Then, seven years after I published The Envelope and about twenty years after I wrote it, Hank and Sheila wrangle their up into my conscious mind and tell me that they miss me, too, and could I please figure out a way to bring them back to life?

Turns out insinuating them into the plot as minor characters was easy. But no sooner had I done so, than wheels began turning in my mind.

I got dizzy, so I turned them off.

But before I did, the wheels had generated some vague ideas, ideas about how the cast from “Texas Hearts” could gradually join up with the cast from “Pine Mountain Estates.” It would be fun, because all the “Texas Hearts” people are my age and older now.

Okay, all except the baby of the bunch, Antonia (sorry, girlfriend. I know you’re getting close to perimenopause by now).

Anyway, Hank and Sheila Johnson are back. And I think the others will be on their way soon.

I’m looking forward to it.

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To Dictate, Or Not To Dictate?

In this post, I discussed my discovery that I can write more words per minute if I refrain from editing as I type. I also revealed the result of a dictation experience, that I can compose a section of a book much faster if I talk it out, instead of writing it out.

So, I went through the tutorials on my computer to train it to my voice. And I tested it. The result was either laughable or horribly disappointing, depending on your perspective.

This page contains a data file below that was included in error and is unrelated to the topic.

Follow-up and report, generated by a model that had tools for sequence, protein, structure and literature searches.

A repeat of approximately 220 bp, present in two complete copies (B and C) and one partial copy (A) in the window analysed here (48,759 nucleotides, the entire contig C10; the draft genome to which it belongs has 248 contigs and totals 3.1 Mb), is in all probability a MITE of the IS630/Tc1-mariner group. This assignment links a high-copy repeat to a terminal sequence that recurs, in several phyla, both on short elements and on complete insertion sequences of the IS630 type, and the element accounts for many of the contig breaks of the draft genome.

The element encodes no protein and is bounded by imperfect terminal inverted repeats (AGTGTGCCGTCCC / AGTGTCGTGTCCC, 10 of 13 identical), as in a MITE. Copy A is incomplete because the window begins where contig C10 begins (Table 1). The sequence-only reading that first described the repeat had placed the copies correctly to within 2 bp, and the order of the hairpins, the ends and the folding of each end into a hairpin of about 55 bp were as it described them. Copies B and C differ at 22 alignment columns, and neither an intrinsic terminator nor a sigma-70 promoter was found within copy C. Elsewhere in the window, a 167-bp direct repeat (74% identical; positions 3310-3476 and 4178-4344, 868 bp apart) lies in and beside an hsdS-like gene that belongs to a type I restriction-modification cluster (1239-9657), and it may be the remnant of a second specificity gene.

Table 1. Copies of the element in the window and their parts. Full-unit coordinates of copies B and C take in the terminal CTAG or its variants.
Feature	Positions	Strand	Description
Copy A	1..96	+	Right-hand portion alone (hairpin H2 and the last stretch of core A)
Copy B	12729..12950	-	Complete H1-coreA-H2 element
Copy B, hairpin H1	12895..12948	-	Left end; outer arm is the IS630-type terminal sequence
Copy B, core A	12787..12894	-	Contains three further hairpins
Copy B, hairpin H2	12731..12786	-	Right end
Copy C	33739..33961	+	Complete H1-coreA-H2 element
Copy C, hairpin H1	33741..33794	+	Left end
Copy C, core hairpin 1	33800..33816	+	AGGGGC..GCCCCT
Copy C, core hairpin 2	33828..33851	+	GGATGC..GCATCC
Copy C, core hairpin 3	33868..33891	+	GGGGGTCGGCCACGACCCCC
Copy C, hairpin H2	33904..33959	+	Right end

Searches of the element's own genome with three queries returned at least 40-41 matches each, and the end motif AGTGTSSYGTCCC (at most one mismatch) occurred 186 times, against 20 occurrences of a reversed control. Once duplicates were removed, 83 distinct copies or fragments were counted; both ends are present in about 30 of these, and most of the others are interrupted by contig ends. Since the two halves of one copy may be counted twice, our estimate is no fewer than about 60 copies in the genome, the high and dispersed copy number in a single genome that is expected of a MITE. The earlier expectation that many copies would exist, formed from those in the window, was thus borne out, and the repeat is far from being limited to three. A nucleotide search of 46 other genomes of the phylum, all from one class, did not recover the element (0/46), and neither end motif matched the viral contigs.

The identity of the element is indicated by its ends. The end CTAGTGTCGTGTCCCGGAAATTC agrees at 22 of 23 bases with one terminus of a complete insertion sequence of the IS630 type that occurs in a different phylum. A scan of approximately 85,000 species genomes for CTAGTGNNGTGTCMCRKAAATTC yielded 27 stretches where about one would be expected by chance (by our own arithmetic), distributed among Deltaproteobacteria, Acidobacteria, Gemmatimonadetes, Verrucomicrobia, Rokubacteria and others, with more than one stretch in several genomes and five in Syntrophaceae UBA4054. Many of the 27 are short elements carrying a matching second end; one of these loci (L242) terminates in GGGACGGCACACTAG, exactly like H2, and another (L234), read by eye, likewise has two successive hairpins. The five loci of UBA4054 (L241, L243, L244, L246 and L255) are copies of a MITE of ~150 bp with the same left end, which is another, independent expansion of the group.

The computer got so many words wrong, that if I were to talk for an hour and then go back to edit what it transcribes, I wouldn’t be able to figure out what I was trying to say.

I could remedy this by spending hours in front of my computer, dictating a few words at a time and then dictating a correction every time it made a mistake. But I’m not sure that would be worth my time.

I heard that the speech recognition software on a computer comes from Dragon Naturally Speaking, the most popular dictation software. But maybe the software that they sell works better?

Nope. My husband looked it up, and Dragon seems to make the same percentage of errors.

I’m going to stick to not editing while I type.

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“Pine Mountain Estates” Wins

If you read my previous post, you know that I had decided to change the name of my “Pine Mountain Estates” series to “Forest Peak.”

I’m still planning on doing everything else that I wrote about in that post, about adding one book to the series every year after writing a three- to four-book series in another genre.

But when I redid the book cover with “Forest Peak,” I looked at it. And looked at it. And looked at it again.

And I mulled the words over in my mind: Forest Peak. Forest Peak.

Pine Mountain Estates. Pine Mountain Estates.

And I realized that, to me, anyway, “Pine Mountain Estates” sounds better. It has a better ring to it.

Maybe it’s because of the ’80s T.V. show “Twin Peaks.” I never watched it, but I remember the ongoing joke about its title. Since this is a family-friendly blog, I won’t go into it.

Suffice to say that it reminds me of Hooters restaurants. A-hem.

Regardless of whether I’ve got a negative subconscious association with the word “peak”, I think I still would prefer “Pine Mountain Estates.”

It wins.